When I had a badly decayed tooth extracted, I got a partial denture to fill in the gap. I didn't mind it at first, because I was just so happy to have my painful tooth out of my mouth. Over time, I began to get tired of taking it out at night. I asked my dentist if I was could get a dental implant, and he said that my gum disease did not make me a good candidate, but a fixed bridge may be a good option for me. I went with his suggestion, and I have no regrets. I love feeling like I have a real tooth again that I don't have to remove at night. I created this blog to remind other people with a missing tooth that they have many replacement options, and if one is not for you, then try another that may be right.
Your family dentist can care for your little ones from before they learn to walk all the way through their adult years. Plus, everyone in your family can get complete dental care under one roof. But, getting your child used to going to the dentist can be a bit overwhelming. These four essential tips can help make your child's trip to the dentist go a little smoother and be a little more successful.
Start Them Young
The American Academy of Pediatric Dentistry recommends bringing your child in for their first dental exam when their first tooth makes an appearance and no later than their first birthday. Your little one doesn't really need much dental work this early on. Rather, it's a time for your family dentist to check your child's gums, tongue, and throat, as well as their teeth development.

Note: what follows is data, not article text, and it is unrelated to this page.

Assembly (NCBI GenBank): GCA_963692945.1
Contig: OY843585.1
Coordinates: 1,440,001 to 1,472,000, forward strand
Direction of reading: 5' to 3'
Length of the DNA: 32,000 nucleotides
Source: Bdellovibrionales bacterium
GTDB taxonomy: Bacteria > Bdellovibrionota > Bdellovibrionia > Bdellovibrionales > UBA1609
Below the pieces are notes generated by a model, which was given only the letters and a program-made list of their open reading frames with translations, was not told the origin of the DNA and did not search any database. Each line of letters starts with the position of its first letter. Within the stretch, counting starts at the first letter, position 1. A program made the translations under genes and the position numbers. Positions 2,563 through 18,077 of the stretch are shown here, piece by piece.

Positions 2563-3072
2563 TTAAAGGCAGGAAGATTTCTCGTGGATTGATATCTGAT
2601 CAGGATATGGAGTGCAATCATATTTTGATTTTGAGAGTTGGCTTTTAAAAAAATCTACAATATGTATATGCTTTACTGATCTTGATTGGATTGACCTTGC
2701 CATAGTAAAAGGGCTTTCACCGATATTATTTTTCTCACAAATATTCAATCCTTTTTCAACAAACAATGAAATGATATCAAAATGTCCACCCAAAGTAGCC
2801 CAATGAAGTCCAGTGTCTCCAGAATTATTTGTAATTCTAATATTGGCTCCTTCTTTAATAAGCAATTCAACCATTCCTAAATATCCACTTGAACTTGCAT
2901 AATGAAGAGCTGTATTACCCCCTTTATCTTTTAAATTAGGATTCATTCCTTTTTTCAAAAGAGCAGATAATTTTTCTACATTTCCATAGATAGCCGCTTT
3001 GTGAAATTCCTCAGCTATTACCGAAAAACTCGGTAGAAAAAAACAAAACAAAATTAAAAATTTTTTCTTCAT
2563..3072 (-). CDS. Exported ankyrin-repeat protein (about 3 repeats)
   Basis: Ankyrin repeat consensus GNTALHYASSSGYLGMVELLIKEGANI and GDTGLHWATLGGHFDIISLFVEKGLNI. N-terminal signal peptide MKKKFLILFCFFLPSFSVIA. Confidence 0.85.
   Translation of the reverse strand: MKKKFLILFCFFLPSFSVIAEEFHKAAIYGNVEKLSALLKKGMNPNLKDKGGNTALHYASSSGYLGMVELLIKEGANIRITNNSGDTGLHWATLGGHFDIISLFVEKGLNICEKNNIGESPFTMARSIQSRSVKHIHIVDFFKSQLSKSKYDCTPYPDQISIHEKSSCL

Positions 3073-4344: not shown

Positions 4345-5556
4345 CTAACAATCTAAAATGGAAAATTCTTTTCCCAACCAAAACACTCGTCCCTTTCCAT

Early dental visits even give you an opportunity to discuss your child's thumb sucking or other sucking habits with your dentist, since these issues can affect their jaw and tooth development in some cases. Plus, these early visits give your child a chance to get used to going to your family dentist and build a healthy relationship with them early on.
Book Your Treatment at the Same Time
Since your dedicated family dentist can be your primary dentist, too, you can book your appointment at the same time as your child's visit once they're a little older. This way, your little one can watch exactly what's going on and ask questions so they're more comfortable when it comes time for their own dental exam and cleaning.
Book Visits After Naps
Family dentistry practitioners are used to working with children on a regular basis. Because children can get fussy or fidgety when they're tired, it's generally recommended to book your child's dental exams either first thing in the morning after they wake up or after nap time. This way your little one is more relaxed and alert, which makes it easier for your family dentist to perform a thorough dental exam.
Emphasize Positive Vibes
Remember that your child can become nervous or even afraid of the dentist if they overhear you talk about a painful dental procedure or a severe toothache. Anytime you mention going to the family dentistry office, make sure you keep it positive.
Let your little one know that their dentist is there to help keep their smile bright and healthy. The more you emphasize positive vibes when talking about your family dentist, the better your child's chances of having a positive experience with their dentist from day one.Share
10 July 2018